U.S. to Address Impending INF Withdrawal at NATO Summit

DNI Coats: Slim chance U.S. will remain in INF treaty

Director of National Intelligence Daniel Coats
Director of National Intelligence Daniel Coats / Getty Images

Senior U.S. officials will soon brief allies on plans to withdraw from a bilateral nuclear arms control treaty with Russia in the wake of repeated violations by Moscow, the nation's top intelligence officer said Tuesday.

Director of National Intelligence Dan Coats told reporters he will speak with European partners during this week's NATO summit in Brussels to address the threat posed by Russian violations of the 1987 Intermediate-Range Nuclear Forces Treaty, or INF.

The Trump administration announced plans to withdraw from the agreement last month, but they have not yet laid out a timeline to formally exit the deal, Coats said.

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"We are still pursuing this issue relative to working with our allies, particularly Europeans," he said.

The INF treaty bars the United States and Russia from possessing ground-based ballistic missiles with a range of 500 to 5,000 kilometers (300 to 3,400 miles). The United States has alleged Russian violations of the agreement since 2014.

"The intelligence community assess Russia has flight-tested, produced, and deployed cruise missiles with a range capability that are prohibited by the treaty," Coats said. "Russia has shown no sign that it is willing to acknowledge its violation, let alone return to full and verifiable compliance."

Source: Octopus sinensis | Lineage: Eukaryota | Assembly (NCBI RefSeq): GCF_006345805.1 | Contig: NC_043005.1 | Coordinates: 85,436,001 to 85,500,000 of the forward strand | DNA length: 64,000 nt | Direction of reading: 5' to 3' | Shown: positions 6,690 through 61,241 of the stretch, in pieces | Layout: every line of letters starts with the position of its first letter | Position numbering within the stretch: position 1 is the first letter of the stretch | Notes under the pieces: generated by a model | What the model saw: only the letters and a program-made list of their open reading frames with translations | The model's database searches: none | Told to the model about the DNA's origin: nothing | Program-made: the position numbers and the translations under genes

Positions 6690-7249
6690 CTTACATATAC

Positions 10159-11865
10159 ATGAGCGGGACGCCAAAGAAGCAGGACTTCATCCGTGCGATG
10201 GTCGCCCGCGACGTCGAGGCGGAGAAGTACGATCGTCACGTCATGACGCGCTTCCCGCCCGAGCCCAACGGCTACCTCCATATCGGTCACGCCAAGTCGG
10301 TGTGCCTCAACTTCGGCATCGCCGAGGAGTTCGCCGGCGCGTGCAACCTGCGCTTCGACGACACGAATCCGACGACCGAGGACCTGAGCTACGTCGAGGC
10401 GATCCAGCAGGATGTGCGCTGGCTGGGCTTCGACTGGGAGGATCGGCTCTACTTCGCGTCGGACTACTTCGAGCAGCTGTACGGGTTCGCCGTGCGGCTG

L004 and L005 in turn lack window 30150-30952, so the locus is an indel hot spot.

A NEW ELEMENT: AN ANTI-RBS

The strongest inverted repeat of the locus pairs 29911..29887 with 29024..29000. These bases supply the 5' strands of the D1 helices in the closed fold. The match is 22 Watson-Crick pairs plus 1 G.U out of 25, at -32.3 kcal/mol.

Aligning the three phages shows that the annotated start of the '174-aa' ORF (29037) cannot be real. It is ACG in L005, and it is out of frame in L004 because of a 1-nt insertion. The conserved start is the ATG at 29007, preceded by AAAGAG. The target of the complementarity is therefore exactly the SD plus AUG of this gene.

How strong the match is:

He pointed specifically to Russia's "covert development" of an intermediate-range ground-launch cruise missile called the 9M729 that the United States has said exceeds the range allowed by the INF. Russian has denied the violation.

Coats said there's a slim chance the United States could remain in the agreement if Russia acknowledges they've violated the treaty and destroys the illicit missiles—a path Coats said "doesn't look all that promising."

U.S. allies, including the European Union, broadly opposed President Trump's announcement to leave the treaty and have warned that doing so could provoke a nuclear arms race. Coats rejected the censure.

"If you've agreed on a treaty and it has been successful in destroying a number of missiles … but then you find out your partner is cheating and they want to keep the status quo of their cheating going forward and keep their advantage strategically in place while we are adhering to the treaty, that doesn't spell well for this treaty going forward," he said.